Each season has its own particular work for the farmer, and he does his work without direction from or consultation with his neighbors or any one else. Each season has its own particular games for the young folks, and they take to them without any suggestion from outsiders, just as young ducks take to water, without any instructions from the mother bird. The seasons in the south temperate zone are just the opposite to those in the north. Some years ago I spent the months of July and August in New Zealand, and great was my surprise to find the boys down at Dunedin snowballing on the Fourth of July, while the sleigh-bells made music through the streets. In the following October, which is the spring month in Victoria, Australia, I found the youngsters of Melbourne playing marbles, just as the boys in New York had been doing when I left it the previous May.
The terrorist use of diseases as bioweapons has been one of the major security concerns in recent years, particularly after the anthrax letter attacks in the USA in 2001. This uncertain threat of intentional outbreaks of diseases exists side by side with the constantly changing very real threat from diseases, epidemics and pandemics as recently illustrated by the H1N1 influenza pandemic, SARS, and H5N1 bird influenza events.
This publication contains case studies on the public health planning for (un)usual disease outbreaks for 11 large and small countries with a focus on South Eastern Europe. In many countries, military entities traditionally play an important role in emergency response to disease outbreaks. In smaller countries, very little exists, however, in terms of specific biopreparedness efforts (in both the military and civilian area), which is at least partly due to a relatively low bioterrorism threat perception, and serious resource constraints.
The uncertainty associated with the bioterrorism threat makes public health preparedness planning for such events politically and financially very difficult. The similarity of responding to bioterrorism events and natural disease outbreaks from a public health point of view suggests the merit of looking at biopreparedness as a part of overall health emergency planning, not as a separate effort.
Since 1973, Storey's Country Wisdom Bulletins have offered practical, hands-on instructions designed to help readers master dozens of country living skills quickly and easily. There are now more than 170 titles in this series, and their remarkable popularity reflects the common desire of country and city dwellers alike to cultivate personal independence in everyday life.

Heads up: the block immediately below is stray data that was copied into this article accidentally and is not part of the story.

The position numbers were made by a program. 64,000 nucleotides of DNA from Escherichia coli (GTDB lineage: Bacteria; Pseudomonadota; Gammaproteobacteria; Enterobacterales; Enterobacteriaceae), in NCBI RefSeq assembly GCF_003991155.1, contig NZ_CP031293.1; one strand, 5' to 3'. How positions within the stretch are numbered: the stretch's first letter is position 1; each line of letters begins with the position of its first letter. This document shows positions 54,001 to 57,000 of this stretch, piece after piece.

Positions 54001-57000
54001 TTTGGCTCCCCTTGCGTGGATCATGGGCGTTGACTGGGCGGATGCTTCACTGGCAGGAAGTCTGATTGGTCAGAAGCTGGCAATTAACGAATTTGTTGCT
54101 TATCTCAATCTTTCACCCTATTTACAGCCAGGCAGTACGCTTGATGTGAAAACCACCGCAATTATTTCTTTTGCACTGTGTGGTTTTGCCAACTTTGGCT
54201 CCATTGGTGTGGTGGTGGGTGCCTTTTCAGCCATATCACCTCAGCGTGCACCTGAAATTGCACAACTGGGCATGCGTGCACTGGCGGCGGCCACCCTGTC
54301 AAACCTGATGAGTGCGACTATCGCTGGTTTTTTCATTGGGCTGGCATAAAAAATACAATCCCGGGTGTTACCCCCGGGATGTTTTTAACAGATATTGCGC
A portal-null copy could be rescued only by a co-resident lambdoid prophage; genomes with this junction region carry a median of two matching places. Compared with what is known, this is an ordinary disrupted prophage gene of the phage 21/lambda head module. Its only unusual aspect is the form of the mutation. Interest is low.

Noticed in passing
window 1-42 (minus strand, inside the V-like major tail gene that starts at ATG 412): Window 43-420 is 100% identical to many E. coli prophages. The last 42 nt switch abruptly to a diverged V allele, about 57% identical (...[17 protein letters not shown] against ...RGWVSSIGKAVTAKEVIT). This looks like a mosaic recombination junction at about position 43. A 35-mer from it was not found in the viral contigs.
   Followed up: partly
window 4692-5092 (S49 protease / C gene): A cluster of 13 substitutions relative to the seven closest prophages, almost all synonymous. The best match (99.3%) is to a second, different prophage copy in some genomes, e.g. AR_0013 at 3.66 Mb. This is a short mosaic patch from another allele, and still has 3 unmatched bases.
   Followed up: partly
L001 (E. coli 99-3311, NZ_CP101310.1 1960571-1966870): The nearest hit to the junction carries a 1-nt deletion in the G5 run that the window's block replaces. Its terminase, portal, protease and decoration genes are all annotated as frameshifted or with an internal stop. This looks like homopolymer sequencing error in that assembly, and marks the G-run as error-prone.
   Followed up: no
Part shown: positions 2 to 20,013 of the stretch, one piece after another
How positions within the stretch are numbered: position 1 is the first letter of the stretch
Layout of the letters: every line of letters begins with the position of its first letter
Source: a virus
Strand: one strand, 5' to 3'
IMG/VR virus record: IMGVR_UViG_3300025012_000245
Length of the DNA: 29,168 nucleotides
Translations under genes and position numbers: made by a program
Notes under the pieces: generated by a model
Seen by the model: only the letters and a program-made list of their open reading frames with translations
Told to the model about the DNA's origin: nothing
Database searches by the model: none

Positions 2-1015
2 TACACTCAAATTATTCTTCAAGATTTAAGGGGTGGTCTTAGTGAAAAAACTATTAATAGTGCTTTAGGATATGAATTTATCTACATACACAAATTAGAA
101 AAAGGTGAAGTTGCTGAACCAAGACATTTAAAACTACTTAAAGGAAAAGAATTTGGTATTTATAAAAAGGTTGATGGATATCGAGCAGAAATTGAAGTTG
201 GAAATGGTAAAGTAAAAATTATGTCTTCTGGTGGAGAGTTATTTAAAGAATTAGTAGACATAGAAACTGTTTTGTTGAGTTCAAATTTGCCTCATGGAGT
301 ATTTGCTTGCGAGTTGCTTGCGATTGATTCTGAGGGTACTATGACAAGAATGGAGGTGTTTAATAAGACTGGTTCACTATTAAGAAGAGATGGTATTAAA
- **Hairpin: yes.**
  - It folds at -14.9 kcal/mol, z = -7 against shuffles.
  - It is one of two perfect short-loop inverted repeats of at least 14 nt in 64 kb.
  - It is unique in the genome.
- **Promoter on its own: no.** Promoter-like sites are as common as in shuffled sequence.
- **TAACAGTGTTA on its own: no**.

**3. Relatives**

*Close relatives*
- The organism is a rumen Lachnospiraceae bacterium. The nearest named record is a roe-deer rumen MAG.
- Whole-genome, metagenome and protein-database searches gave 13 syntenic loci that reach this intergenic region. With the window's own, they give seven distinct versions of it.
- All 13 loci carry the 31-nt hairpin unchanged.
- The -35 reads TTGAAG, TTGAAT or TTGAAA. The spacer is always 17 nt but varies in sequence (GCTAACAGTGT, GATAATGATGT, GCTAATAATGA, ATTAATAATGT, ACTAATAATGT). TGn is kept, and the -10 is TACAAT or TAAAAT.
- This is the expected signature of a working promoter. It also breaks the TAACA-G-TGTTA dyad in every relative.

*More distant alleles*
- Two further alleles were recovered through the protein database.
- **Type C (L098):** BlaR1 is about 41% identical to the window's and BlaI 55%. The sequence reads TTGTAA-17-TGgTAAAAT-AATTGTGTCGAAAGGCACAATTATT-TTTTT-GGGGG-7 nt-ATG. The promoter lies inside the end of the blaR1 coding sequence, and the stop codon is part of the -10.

Using a sociological, historical, and psychological approach, this work offers a multidisciplinary perspective and fills the research gap about the Harlem community and urban black life during the Jazz Age and the Great Depression. This book proposes that Harlem was an intricate domain of competing ideologies, needs, and interests wherein there were many cross-cutting forms of power and exclusion. Such competition placed the community at the intersection of complicated power relations in which local, citywide and nationwide power, policies, and commitments overlapped. Changing economic circumstances that characterized the interwar period combined with the shifting municipal politics including community reliance on government support and the political strength of medical societies that left Harlem residents politically and economically circumscribed in their efforts to build and fortify institutions focused on maintaining community wellness. In this larger circumscription, citywide, statewide, and nationwide politics made health for black people a politicized affair during the early twentieth century. This work further reveals that in conjunction with the political economy of race, health was a major issue of debate that residents of Harlem could enter into despite systematic efforts by politicians and medical professionals to simultaneously limit residents' political agency and regulate health services and institutions in New York City. Such fissures and cracks within the political structure allowed for community engagement and empowerment. This study provides for a more comprehensive understanding of the connections among black morbidity, mortality, health-care delivery, and black political engagement in Harlem, New York, and aims to expand the historical understanding of race and politics, as well as the lived experiences of black people in New York City in the early twentieth century. As a scholarly work in the field of African American urban history, Building a Healthy Black Harlem is accessible to upper-division undergraduate and graduate students in courses in post-1865 United States history, African American history, and urban history. It also possesses the insight and rigor for specialists in the field of New York City history and African American urban history.
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